If you have ever had tropical fish you know that one Siamese Fighting fish (Betta splendens of the family Belontiidae) plus one Siamese Fighting fish in the same tank equals one or zero.
Yes I know how to add but there is a problem when you put two males of this species in the same tank. They will kill each other.
They exist today because of that trait in their genetic structure, allowing only the fittest to survive and reproduce.
Now with computers there is a component that fights for your computer’s survival and will by design, die to protect your computer.
These components are the surge protector and the UPS.
The problem is they are designed to be the only one between your computer and raw voltage. If surge suppressors are connected together they will try to pull more current then they were designed to when all receptacle points are plugged in; causing the first to die passing all the voltage draw to the second. Which greatly goes beyond it’s designed limits causing it to fail, making them both no more than glorified extension cables.
It’s worse for the UPS’ for when they sense a voltage instability; immediately they create a sine wave from their battery that simulates the frequency of the hertz (60 hertz) from the wall. Plugged into each other, when the first senses a voltage instability it creates the simulated frequency which triggers the second as bad voltage and it goes into battery and simulation too. In fact the second generally stays in battery mode until the battery is dead!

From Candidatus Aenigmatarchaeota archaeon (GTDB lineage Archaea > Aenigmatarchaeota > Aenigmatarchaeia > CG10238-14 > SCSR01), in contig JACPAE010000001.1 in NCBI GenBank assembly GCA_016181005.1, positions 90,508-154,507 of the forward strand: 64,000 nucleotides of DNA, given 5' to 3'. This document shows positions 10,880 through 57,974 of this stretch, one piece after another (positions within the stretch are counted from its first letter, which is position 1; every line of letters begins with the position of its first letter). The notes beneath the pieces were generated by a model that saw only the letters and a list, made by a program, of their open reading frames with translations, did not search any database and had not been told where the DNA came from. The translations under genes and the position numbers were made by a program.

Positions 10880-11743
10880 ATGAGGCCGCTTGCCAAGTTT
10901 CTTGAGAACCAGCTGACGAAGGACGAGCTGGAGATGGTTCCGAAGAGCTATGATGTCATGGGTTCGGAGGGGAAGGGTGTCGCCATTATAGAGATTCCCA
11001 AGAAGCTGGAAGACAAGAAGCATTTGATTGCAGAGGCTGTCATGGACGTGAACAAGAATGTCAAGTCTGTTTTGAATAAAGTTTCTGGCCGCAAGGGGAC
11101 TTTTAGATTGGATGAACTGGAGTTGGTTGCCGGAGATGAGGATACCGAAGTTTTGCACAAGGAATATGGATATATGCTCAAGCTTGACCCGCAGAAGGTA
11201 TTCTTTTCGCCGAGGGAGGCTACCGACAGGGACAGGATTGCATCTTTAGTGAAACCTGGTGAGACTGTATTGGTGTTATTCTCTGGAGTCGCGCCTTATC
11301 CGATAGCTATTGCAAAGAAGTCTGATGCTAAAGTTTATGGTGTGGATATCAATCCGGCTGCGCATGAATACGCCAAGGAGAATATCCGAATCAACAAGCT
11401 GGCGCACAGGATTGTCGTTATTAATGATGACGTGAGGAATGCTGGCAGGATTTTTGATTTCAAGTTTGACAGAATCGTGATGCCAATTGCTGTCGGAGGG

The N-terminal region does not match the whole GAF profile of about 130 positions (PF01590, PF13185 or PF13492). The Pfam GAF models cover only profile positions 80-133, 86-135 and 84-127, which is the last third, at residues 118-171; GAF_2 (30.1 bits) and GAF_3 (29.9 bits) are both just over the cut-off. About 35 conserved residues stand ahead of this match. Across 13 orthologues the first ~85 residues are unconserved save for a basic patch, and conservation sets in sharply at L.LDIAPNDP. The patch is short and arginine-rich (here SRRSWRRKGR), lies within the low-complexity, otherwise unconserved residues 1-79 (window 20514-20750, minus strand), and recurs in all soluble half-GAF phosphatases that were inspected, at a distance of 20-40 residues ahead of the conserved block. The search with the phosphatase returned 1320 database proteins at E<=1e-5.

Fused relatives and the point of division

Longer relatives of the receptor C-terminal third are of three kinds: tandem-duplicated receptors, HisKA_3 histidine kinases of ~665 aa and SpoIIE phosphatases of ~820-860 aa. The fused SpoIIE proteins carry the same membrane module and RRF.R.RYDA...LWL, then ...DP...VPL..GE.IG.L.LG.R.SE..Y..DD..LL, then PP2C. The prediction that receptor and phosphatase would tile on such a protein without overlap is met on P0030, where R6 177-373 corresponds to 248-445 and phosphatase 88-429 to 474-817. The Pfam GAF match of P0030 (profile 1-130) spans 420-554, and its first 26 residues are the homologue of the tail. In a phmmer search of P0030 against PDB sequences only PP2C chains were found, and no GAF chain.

How about plugging a UPS into a surge suppressor? What happens when anything that is plugged into the surge suppressor gets turned on or off? It causes a change in voltage on the line to the UPS causing the battery to gone online and create a sine wave.
Which will, sensing the changing voltage on the incoming line from those things plugged into the surge suppressor, perpetually detect the line in as bad, keeping the battery in the “on” position.
How about plugging the surge suppressor into the UPS? Ah! Ever wondered why there is only four receptacles (six on the larger ones)?
Because that is the MAXIMUM that can be covered for protection! Adding more draw will quickly kill the UPS!
Check the wattage rating and plug no more than that amount into the UPS!
REMEMBER THERE CAN BE ONLY ONE!